Subject: Atheists are Fools
By the way, if anyones states there is no God, logic would seem to indicate you would have to be God to know that. Only God could know what is or isn't out there. If someone says there is no God out there, they are claiming knowledge they can't possibly have.
This is a very popular myth: atheists cannot say there is no god without being omniscient, which is a characteristic of a god. This argument rests upon a couple of common misunderstandings. First, it makes the mistake of assuming that an atheist, to be an atheist, must have certain knowledge that no God or gods exist. Second, even if an atheist denies the existence of some particular god or all possible gods, it is not necessary for the atheist to claim absolute certainty. Rationally justified beliefs can be, and often are, based upon evidence which falls short of absolute certainty.
Third, it is not true that it is impossible to prove a universal negative. Certainly there are some universal negatives which cannot be proven absolutely and so can only be held based upon the weight of omniscience -- for example, the claim "No swans are orange." We would have to know the contents of the entire universe in order to make such an assertion with certainty. However, such knowledge is not necessary in order to make other negative statements. Examples of this latter type include "no married bachelors exist" or "no round squares exist."
What's curious is that this myth is addressed on many atheism web sites; thus, if someone makes the claim without an explanation that indicates knowledge of the rebuttals, it's clear that they haven't done the slightest bit of research on the matter. They probably just heard it somewhere from a Christian apologist and are repeating it because it sounds good rather than because they found it rational and defensible.
I asked an agnostic once if he knew everything there was to know in the whole universe. He admitted, "No." I asked if he knew half of everything there is to know in the whole universe, again he replied, "No." I then asked if he did know half of everything to know in the whole universe if God could be in the half he didn't know about yet. He hesitantly repied, "Yes." An agnostic says, "I don't know if there is a God, and neither does anyone else." Maybe the agnostic doesn't know if there is a God but he can not know if there is anyone else who does. Again he is claiming knowledge he can't possibly have.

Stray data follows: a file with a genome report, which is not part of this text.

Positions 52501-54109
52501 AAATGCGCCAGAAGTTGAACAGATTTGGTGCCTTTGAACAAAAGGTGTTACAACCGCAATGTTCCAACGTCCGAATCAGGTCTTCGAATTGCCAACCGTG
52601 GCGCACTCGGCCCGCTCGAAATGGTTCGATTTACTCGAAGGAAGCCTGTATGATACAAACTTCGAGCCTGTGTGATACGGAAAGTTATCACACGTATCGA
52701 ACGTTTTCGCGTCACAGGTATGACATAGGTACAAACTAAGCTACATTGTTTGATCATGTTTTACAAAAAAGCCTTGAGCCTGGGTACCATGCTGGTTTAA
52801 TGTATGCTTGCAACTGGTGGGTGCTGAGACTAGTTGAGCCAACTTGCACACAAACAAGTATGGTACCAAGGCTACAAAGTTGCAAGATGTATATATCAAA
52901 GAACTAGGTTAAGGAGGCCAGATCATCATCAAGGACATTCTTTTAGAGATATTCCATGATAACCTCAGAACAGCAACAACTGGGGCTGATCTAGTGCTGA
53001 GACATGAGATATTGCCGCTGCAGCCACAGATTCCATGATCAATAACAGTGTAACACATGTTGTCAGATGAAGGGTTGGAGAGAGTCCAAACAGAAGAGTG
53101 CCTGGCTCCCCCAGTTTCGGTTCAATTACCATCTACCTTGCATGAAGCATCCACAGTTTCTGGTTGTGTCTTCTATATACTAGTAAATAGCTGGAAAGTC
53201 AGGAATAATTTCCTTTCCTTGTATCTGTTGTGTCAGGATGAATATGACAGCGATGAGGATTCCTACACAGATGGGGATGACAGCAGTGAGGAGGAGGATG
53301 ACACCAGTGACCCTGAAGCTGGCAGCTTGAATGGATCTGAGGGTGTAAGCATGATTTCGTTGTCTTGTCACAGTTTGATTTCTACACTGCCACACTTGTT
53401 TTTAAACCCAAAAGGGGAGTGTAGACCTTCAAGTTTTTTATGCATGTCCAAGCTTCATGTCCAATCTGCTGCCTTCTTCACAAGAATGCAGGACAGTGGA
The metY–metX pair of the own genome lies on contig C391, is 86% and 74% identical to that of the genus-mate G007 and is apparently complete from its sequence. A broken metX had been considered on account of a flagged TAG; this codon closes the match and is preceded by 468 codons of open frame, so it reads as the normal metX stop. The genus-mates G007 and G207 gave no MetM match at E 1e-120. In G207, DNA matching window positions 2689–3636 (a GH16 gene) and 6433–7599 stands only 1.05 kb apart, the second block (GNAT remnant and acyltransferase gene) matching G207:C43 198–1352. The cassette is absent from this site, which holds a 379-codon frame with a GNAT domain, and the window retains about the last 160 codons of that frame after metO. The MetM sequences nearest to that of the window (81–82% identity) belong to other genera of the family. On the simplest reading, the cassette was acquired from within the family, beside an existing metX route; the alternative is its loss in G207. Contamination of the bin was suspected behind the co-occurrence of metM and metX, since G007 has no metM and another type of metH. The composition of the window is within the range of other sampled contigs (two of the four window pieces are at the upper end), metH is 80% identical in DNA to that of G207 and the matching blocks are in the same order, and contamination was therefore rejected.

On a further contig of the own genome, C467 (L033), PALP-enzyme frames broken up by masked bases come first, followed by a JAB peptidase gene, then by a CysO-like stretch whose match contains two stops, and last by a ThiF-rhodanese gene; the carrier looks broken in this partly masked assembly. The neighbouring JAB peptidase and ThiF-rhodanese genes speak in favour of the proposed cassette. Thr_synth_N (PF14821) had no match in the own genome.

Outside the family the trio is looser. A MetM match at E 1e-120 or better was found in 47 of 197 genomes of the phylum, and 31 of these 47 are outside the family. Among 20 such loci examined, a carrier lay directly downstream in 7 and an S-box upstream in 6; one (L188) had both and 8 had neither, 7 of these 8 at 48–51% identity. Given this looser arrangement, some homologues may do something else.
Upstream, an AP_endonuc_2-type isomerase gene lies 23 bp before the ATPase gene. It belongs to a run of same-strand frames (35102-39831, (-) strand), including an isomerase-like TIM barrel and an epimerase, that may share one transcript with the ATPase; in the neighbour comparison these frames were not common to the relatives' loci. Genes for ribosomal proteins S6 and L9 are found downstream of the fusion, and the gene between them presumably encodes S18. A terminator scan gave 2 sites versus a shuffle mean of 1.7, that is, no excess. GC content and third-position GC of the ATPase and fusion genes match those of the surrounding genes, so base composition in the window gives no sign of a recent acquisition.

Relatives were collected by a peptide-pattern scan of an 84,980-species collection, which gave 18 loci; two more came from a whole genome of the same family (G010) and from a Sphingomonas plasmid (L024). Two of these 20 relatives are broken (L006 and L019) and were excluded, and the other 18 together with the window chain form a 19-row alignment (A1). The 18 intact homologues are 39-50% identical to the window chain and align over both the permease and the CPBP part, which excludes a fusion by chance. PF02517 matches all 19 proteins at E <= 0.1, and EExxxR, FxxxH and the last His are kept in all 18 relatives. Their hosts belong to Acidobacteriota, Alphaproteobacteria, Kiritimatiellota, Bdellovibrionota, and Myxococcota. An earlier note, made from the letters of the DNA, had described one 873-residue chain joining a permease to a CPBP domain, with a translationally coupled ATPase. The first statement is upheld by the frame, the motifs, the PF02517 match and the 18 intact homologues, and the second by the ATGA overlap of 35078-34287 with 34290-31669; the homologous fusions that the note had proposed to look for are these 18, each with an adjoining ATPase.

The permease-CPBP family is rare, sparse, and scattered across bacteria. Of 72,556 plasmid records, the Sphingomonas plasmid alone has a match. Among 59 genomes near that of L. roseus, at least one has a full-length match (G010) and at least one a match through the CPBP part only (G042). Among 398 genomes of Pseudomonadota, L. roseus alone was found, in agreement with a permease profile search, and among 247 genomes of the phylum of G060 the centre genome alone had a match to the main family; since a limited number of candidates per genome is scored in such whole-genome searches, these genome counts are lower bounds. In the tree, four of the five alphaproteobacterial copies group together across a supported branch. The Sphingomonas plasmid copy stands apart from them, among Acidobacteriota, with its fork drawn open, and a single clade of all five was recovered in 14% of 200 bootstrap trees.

The best someone like that can do is just set their heart against God.
That's like setting one's heart against Zeus or fairies. After all, unless one is omniscient and knows everything there is not know in the whole universe, can they really claim that no fairies exist or that Zeus does not exist? They cannot, according to Arv's argument, so the best someone like that can do is set their heart against fairies and against Zeus. This, however, makes no sense whatsoever.
The reason why should be clear: we don't need to know the contents of the entire universe in order to dismiss the existence of some alleged beings or things. We might be mistaken, sure, but absolutely certainty with no possibility of being mistaken has never been a necessary standard for accepting or dismissing some claim. It would help, but it's not a standard people can normally (if ever) achieve and it's hypocritical to suddenly demand it when we come to the question of the existence of the Christian god.
Furthermore, upon what would Arv base a claim that his god does definitely exist? How can be he claiming knowledge that he could reasonably have? If "knowledge" is defined as "justified, true belief," how does one justify -- or perhaps I should say "verify" -- belief that a god exists? Even if we accept for the sake of argument that some entity does exist, how does one verify that it is a "god"?
The Bible says they are a fool, but at least they get their own national holiday, April 1st. Have a nice eternity.
What a nice Christian sentiment: calling others fools for daring to not agree with them. Arv insisted that "I didn't say atheists are fools, the Bible does," but that's simply an example of not taking responsibility for one's beliefs and statements.
The Bible is the source of the quote, but when someone repeats it in such a fashion they are expressing agreement with it and must take personal responsibility for that. If I quoted Hitler in such a manner, I couldn't pretend that accusations of anti-Semitism would be false simply by insisting "I didn't say it, Hitler did."
I take responsibility for what I say, whether the words are my own or were originally someone else's. Christians should do the same.
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